It’s perhaps not best practice for a film critic to advise his readers not to read his review, but in the case of The Cabin in the Woods, I’ll risk it. I went into this Joss Whedon-produced horror with a happy ignorance as to what to expect, and it was precisely this feeling (more and more scarce these days, thanks to the dwindling art of trailer composition) that I would not wish to deprive others of. So I will try to keep spoilers to a minimum in the following paragraphs, but if you want to experience this film (and it is a good film) at its best, I would advise against reading on.
The reason for such overt caution here is because the film’s primary raison d’être is to circumvent expectations, specifically those associated with the horror genre. The biggest spoiler you could reveal is not plot or character related, but simply that this is a satire. It is, on a fundamental level, a comedy. Now, at times, the film tries to have its cake and eat it, attempting to elicit both shocks and laughs, and it rarely bridges the gap between being funny and scary at the same time (a rare mixture one of this film’s great reference points, Evil Dead, did so well), but fortunately it is clever, well-made and, at times, very funny indeed.
The plot mixes two disparate but interconnected scenarios, though for the purposes of the review we’ll stick with the basic setup, and that involves a group of five young and attractive friends making their way to the titular dwelling for an out-of-city break. They quite purposefully fill the tropes of a horror cast, but the surprising thing is that they’re so likable, and this owes a huge amount to a witty, carefully thought-out script and all around good performances. The latter extends to the wider cast too, including a smirk-inducing cameo late on. Rising star Chris Hemsworth, who played Thor for Kenneth Branagh, is perhaps the ‘biggest’ name on the poster and he, like the rest, does a great job. He also gets one of the best lines, delivered in absolute deadpan, which will surely be one of the year’s best-remembered comic zingers. The star of the show, though (barring characters we won’t discuss here), is undoubtedly Fran Kranz as Marty, the pot-smoking, wise-cracking nerd, who amongst other credits played a part in Joss Whedon’s short-lived TV series Dollhouse.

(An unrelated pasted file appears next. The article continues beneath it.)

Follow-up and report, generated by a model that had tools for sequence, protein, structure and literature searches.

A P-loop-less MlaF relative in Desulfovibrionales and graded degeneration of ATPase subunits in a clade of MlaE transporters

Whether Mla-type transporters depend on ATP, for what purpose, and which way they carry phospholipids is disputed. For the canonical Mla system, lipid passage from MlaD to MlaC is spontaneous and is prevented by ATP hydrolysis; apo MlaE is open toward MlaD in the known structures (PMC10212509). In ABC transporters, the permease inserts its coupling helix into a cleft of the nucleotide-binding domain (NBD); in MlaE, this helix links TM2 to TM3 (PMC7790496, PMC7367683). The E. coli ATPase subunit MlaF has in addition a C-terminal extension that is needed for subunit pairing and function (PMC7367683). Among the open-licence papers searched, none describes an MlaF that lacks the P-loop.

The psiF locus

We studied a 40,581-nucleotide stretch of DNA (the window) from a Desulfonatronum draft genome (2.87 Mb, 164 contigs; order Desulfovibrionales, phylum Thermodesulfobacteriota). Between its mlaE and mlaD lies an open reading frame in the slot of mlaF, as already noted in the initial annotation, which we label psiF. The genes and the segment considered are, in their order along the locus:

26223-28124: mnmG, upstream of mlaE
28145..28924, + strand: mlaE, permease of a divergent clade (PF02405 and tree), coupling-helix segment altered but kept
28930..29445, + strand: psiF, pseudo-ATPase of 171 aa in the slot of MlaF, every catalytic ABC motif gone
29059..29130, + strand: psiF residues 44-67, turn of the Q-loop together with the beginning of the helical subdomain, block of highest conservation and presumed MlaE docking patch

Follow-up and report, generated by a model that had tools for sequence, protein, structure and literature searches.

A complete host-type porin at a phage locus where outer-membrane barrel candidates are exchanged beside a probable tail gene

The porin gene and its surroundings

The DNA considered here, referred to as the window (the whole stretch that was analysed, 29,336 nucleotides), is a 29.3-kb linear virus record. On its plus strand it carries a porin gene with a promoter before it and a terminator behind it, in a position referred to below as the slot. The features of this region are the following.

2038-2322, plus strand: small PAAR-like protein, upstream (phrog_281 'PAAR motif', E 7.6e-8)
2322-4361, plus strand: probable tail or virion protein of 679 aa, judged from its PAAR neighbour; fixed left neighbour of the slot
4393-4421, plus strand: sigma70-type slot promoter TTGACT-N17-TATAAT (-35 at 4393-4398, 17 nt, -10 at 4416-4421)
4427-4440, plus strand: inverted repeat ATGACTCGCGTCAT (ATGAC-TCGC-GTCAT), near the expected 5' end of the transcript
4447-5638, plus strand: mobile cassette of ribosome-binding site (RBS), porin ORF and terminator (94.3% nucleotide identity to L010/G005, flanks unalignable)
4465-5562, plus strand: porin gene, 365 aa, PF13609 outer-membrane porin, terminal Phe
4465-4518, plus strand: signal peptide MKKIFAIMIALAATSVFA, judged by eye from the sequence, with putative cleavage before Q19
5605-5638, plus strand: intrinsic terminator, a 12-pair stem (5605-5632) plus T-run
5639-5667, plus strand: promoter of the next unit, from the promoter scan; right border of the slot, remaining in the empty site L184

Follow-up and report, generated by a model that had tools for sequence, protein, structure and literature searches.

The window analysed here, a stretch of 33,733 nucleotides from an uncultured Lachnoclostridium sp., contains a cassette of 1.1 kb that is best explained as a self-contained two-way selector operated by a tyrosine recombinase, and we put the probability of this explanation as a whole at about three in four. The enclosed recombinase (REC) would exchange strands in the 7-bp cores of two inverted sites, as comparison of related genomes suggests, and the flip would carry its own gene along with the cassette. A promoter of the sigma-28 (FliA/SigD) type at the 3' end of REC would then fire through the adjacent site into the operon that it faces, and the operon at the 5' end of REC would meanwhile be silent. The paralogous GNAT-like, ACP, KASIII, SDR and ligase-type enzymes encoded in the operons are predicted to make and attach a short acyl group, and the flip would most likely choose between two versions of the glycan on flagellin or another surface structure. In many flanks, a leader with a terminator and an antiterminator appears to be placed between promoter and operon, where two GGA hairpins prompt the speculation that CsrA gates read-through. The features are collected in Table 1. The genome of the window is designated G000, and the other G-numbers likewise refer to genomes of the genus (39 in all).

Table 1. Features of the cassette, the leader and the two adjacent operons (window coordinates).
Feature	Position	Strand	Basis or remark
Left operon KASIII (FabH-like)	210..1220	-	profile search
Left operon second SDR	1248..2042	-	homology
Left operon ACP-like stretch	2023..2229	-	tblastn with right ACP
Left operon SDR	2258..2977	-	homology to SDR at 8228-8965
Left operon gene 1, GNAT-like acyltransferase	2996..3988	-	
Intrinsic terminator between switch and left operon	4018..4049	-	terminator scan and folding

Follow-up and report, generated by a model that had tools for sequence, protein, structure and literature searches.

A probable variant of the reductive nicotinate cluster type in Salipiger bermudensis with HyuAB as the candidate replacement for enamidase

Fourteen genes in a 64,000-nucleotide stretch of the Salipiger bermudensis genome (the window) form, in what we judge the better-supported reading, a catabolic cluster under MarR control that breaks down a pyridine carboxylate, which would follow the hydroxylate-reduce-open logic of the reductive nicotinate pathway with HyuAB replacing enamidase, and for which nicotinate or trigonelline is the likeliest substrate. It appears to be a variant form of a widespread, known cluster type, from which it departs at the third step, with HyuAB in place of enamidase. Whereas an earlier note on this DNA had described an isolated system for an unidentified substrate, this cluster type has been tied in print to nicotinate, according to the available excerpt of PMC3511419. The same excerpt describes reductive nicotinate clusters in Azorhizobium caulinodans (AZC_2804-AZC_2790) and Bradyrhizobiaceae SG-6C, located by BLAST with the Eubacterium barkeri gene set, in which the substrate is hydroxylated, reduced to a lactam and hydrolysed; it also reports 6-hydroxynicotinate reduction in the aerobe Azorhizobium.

From the off, the film plays with convention, including a brilliant opening couple of gags, and it’s clear that while the satire here is painted broadly, it’s actually very sharp-witted and clearly observed by fans of the genre. The list of horror references in here is mind-boggling, from George Romero’s early work to The Shining, Evil Dead, Hellraiser, J-horror and all manner of others more subtle and obscure. Crucially, though, it doesn’t pander solely to horror aficionados. It’s aware of its in-built audience and the mainstream, and it will play well to both.
Intelligent, witty and cine-literate in a charmingly self-referential way, The C abin in the Woods sets out to do something different and does it with bravado. It flags on occasion, but never seriously, and deserves to be an unexpected success story in 2012.